Charity welcomes news that response times for ambulances in line with national average in Burnley

Emma Dickinson, who is the fundraising manager for the charity for Lancashire and Cumbria, said that every year in the UKclose to 200,000 people go to hospital due to a heart attack.
Emma Dickinson, who is the fundraising manager for the charity for Lancashire and Cumbria, said that every year in the UKclose to 200,000 people go to hospital due to a heart attack.
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News that response times for ambulances in Burnley are in line with the national average has been welcomed by a spokesman for the British Heart Foundation.

But Emma Dickinson, who is the fundraising manager for the charity for Lancashire and Cumbria, said that every year in the UK close to 200,000 people go to hospital due to a heart attack.

An ambulance should respond to an emergency within six to eight minutes, depending on where you live, and in the BB11 area of Burnley waiting times stand at seven minutes, 52 seconds.

The response time for the BB10 area is eight minutes, three seconds and for BB12 casualties only wait two seconds more with the response times at eight minutes, five seconds.

Miss Dickinson said: "Less than one in 10 people survive an out of hospital cardiac arrest.

"A cardiac arrest and a heart attack are not the same but a heart attack can lead to a cardiac arrest and both are medical emergencies.

"The chance of survival from a cardiac arrest decreases by up to 10% every minute and the need for urgent medical assistance is vital."

Statistics from the British Heat Foundation also show that one in four lives are still claimed due to heart and circulatory diseases and in Burnley 119 people die from heart disease every year.

Miss Dickinson added: "As a research charity we’re looking at finding better ways to prevent, detect, treat and cure heart and circulatory diseases.

"The support of the public is crucial in raising vital funds to help keep hearts beating."

The statistics, which were revealed in a special BBC report, home in on postcode districts but do not include rapid response vehicles or community first responders as these no longer 'stop the clock' for emergency calls.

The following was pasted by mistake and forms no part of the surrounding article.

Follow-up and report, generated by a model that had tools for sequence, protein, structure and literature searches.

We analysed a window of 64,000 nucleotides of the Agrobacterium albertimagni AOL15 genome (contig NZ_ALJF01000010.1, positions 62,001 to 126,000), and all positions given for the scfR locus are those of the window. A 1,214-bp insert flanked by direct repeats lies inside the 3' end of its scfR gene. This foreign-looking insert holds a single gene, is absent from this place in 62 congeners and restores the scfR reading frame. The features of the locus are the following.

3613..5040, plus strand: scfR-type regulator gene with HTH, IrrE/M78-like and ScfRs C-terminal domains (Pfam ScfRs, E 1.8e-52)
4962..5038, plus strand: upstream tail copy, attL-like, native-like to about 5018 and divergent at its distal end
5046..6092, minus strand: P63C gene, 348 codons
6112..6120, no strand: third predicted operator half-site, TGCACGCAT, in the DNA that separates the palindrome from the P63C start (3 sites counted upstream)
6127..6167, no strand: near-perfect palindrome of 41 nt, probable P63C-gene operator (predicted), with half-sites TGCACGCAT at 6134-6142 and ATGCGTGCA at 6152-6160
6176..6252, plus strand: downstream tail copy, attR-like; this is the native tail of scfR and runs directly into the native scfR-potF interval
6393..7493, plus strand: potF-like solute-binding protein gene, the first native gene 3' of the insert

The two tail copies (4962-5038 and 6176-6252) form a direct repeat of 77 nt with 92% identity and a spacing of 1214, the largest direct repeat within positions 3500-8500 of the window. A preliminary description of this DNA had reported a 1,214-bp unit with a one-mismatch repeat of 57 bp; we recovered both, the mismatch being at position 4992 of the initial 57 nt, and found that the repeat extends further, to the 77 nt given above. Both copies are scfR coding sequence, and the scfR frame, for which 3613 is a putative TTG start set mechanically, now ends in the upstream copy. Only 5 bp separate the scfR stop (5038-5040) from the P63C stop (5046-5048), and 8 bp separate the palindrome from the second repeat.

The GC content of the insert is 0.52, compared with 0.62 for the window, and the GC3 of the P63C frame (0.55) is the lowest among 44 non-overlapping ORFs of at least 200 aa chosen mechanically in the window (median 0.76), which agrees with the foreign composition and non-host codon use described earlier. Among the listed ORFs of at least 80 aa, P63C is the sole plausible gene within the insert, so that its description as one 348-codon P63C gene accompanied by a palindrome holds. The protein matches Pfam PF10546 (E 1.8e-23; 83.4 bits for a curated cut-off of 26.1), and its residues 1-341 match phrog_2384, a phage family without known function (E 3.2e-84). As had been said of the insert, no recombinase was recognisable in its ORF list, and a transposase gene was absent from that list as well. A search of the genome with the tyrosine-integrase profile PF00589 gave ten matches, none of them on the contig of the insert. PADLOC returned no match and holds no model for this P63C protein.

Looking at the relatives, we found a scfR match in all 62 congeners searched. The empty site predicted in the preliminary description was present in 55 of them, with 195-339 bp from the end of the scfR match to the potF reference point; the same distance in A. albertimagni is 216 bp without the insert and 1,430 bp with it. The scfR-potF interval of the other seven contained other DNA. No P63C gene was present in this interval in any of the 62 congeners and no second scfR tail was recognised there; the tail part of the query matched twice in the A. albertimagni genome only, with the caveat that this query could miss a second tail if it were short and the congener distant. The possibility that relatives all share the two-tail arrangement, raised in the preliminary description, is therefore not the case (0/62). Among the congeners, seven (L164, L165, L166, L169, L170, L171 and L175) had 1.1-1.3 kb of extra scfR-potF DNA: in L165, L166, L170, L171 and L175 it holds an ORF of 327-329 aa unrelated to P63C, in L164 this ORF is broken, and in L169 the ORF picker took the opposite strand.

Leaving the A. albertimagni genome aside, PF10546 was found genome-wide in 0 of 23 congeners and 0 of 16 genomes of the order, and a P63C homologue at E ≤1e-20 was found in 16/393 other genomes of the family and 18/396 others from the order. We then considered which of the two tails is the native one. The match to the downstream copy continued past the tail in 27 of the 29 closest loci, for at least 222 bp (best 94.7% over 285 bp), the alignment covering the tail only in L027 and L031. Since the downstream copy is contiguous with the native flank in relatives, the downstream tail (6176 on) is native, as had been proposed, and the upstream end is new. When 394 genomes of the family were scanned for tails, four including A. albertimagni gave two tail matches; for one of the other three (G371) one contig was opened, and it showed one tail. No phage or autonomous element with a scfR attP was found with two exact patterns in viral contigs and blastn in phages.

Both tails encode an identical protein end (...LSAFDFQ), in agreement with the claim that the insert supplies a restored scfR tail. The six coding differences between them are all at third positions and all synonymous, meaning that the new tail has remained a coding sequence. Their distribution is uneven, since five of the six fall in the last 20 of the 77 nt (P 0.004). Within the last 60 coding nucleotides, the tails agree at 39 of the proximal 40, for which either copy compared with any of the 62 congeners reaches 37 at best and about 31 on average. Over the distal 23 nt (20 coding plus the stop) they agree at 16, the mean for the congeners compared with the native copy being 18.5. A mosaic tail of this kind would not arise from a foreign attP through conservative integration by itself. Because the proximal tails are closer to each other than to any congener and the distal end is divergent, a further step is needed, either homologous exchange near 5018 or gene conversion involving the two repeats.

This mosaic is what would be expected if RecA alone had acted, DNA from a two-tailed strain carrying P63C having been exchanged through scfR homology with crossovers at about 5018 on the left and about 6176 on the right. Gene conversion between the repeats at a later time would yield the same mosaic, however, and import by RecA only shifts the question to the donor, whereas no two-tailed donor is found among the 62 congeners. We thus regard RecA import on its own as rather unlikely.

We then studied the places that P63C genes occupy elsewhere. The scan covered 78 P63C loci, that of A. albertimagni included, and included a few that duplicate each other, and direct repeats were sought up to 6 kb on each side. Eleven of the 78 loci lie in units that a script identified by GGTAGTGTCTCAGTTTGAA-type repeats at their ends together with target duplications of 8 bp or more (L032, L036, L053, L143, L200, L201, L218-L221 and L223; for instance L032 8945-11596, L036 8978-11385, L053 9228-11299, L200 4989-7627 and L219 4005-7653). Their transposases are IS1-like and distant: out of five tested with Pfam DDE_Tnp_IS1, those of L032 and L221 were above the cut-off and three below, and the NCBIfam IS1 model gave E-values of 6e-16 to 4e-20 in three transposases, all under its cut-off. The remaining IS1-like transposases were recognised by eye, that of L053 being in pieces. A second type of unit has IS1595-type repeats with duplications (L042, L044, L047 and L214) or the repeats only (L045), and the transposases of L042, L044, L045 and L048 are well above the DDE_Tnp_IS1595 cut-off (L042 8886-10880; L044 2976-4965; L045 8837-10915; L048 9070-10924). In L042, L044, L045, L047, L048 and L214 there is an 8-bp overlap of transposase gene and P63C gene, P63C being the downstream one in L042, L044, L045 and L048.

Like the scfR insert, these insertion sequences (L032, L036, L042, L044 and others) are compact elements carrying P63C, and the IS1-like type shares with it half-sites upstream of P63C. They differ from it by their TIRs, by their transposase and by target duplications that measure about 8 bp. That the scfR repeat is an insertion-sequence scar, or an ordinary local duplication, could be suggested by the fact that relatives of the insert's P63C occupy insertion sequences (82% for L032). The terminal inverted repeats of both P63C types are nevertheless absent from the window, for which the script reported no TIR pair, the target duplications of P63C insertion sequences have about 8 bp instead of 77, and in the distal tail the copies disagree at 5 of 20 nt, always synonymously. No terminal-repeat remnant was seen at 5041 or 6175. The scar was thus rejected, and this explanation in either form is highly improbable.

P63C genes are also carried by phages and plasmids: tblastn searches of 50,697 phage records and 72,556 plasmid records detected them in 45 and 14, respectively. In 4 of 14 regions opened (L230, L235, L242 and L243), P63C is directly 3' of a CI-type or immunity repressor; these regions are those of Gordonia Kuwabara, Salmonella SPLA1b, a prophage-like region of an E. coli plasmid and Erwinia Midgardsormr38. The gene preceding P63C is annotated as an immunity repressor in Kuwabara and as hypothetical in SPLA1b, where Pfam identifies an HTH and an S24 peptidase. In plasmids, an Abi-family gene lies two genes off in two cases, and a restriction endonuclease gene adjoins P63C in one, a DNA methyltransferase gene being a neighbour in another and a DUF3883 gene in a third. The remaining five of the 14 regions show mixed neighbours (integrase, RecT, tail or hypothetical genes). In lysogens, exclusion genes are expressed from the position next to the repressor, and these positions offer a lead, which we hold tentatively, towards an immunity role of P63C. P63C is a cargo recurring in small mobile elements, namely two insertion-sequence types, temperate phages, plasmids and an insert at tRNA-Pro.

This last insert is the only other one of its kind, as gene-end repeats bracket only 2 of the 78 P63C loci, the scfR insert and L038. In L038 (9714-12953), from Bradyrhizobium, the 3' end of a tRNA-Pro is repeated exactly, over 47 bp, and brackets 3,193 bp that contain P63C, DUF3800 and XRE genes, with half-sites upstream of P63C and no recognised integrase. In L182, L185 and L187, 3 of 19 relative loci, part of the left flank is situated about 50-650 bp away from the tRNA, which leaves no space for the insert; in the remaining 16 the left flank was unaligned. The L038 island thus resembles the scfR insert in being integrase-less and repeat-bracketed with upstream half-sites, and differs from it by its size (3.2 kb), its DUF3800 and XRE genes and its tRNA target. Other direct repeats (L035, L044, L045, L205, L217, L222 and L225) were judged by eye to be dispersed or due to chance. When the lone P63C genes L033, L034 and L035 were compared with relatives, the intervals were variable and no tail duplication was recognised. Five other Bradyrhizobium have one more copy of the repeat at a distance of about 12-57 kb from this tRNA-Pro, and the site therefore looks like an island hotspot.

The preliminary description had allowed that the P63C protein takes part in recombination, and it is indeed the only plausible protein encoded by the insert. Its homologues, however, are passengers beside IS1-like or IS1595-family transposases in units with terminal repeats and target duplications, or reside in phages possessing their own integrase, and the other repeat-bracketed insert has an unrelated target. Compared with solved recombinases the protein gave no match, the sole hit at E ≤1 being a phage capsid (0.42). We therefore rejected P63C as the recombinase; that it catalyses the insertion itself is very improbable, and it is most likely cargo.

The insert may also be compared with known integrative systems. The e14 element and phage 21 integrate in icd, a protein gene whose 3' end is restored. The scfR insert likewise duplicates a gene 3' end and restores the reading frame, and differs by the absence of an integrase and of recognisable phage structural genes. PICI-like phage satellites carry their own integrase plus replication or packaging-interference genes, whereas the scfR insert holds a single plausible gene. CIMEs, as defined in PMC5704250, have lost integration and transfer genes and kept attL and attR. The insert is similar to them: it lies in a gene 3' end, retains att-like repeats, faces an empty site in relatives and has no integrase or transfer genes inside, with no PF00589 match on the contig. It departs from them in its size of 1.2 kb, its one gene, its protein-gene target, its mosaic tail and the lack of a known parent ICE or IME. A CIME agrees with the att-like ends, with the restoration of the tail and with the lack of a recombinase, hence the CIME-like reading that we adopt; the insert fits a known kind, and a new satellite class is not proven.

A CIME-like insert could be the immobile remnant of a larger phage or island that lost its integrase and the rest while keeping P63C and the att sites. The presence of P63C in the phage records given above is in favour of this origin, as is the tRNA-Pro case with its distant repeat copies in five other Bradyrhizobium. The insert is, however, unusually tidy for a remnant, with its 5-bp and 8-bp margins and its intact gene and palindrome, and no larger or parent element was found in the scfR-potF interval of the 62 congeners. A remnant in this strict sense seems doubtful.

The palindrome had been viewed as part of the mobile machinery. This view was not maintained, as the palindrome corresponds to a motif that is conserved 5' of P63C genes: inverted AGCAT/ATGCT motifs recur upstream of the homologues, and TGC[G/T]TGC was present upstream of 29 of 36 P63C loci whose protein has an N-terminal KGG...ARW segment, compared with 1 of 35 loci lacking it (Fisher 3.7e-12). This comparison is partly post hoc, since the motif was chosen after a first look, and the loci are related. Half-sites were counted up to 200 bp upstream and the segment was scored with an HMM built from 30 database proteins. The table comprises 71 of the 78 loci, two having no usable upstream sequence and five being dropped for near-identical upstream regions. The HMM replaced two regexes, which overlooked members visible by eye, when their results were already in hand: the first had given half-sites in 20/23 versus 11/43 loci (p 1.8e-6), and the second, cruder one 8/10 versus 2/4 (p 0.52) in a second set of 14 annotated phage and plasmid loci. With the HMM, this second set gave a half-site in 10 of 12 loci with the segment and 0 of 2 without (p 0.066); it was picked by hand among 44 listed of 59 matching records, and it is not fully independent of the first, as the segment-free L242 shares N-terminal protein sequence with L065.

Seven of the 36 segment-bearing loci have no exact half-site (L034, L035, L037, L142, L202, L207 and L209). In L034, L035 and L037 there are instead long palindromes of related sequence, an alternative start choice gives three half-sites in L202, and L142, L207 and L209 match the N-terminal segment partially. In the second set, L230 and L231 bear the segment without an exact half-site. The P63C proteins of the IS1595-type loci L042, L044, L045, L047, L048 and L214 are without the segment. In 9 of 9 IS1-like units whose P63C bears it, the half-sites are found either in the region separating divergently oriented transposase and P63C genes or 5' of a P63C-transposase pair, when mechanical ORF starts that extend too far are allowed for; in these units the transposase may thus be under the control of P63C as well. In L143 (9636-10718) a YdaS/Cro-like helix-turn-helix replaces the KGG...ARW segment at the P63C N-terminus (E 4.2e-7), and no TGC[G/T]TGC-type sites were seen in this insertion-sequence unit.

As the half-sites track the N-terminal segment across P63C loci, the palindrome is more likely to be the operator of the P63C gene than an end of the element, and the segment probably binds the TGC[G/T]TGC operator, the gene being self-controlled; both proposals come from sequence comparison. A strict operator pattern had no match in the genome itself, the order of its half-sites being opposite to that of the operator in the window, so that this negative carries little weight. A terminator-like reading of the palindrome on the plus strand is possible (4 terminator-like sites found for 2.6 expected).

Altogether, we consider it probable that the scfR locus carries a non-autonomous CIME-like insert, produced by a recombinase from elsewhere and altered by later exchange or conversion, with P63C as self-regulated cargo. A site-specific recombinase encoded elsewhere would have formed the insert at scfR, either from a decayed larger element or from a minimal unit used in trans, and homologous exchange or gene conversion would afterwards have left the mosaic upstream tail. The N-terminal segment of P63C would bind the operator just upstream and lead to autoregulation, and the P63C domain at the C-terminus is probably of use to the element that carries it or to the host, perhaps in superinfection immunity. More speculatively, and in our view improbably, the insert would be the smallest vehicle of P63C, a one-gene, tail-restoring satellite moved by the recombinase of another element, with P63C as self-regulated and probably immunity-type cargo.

The ambulance that responds to an emergency will always be the nearest available one so this could be from anywhere.

Using the Freedom of Information Act, BBC reporters obtained the average response times for the most life-threatening callouts, including cardiac arrests, stab wounds, major blood loss, seizures, patients not breathing or struggling to breathe and women in the end stages of labour, in more than 2,700 local communities across Britain.

These times cover the point at which a trained person reaches the patient - so it could be an ambulance or volunteers trained by the service to respond to these highest-priority cases.

2019 marks the 20th anniversary of first responders in the North West Ambulance Service and there are currently 800 across the trust, with 200 of them in Lancashire. The trust works with them to offer training opportunities and encourage recruitment.

The ambulance spokesman added that heavy investment had been made in lifesaving community public access defibrillators which had also been boosted by donations from the North West Ambulance charity.

These can be accessed and used by anyone and give patients in cardiac arrest the best possible chance of survival.

There are currently over 600 operational in Lancashire, 36 of which are in the Burnley and Pendle area.

The investigation highlighted that critically injured patients in rural areas, such as the Ribble Valley and parts of Pendle, are at risk due to the time it takes an ambulance to reach them.

The average rural response time for an ambulance is 11 minutes, 13 seconds but in the Ribble Valley the response time is 14 minutes, 23 seconds and in Pendle it is 13 minutes, one second.

Experts have said that delays could make the difference between life and death.

Ambulance bosses have accepted some responses took longer than they should but said staff were working hard in 'challenging circumstances' due to the levels of demand and the remote nature of some locations.

Research has shown that if patients are given all the treatment immediately, including cardiopulmonary resuscitation (CPR) and defibrillation - an electric shock to restart the heart, about two-thirds can survive.

But every minute delay reduces survival by 10%.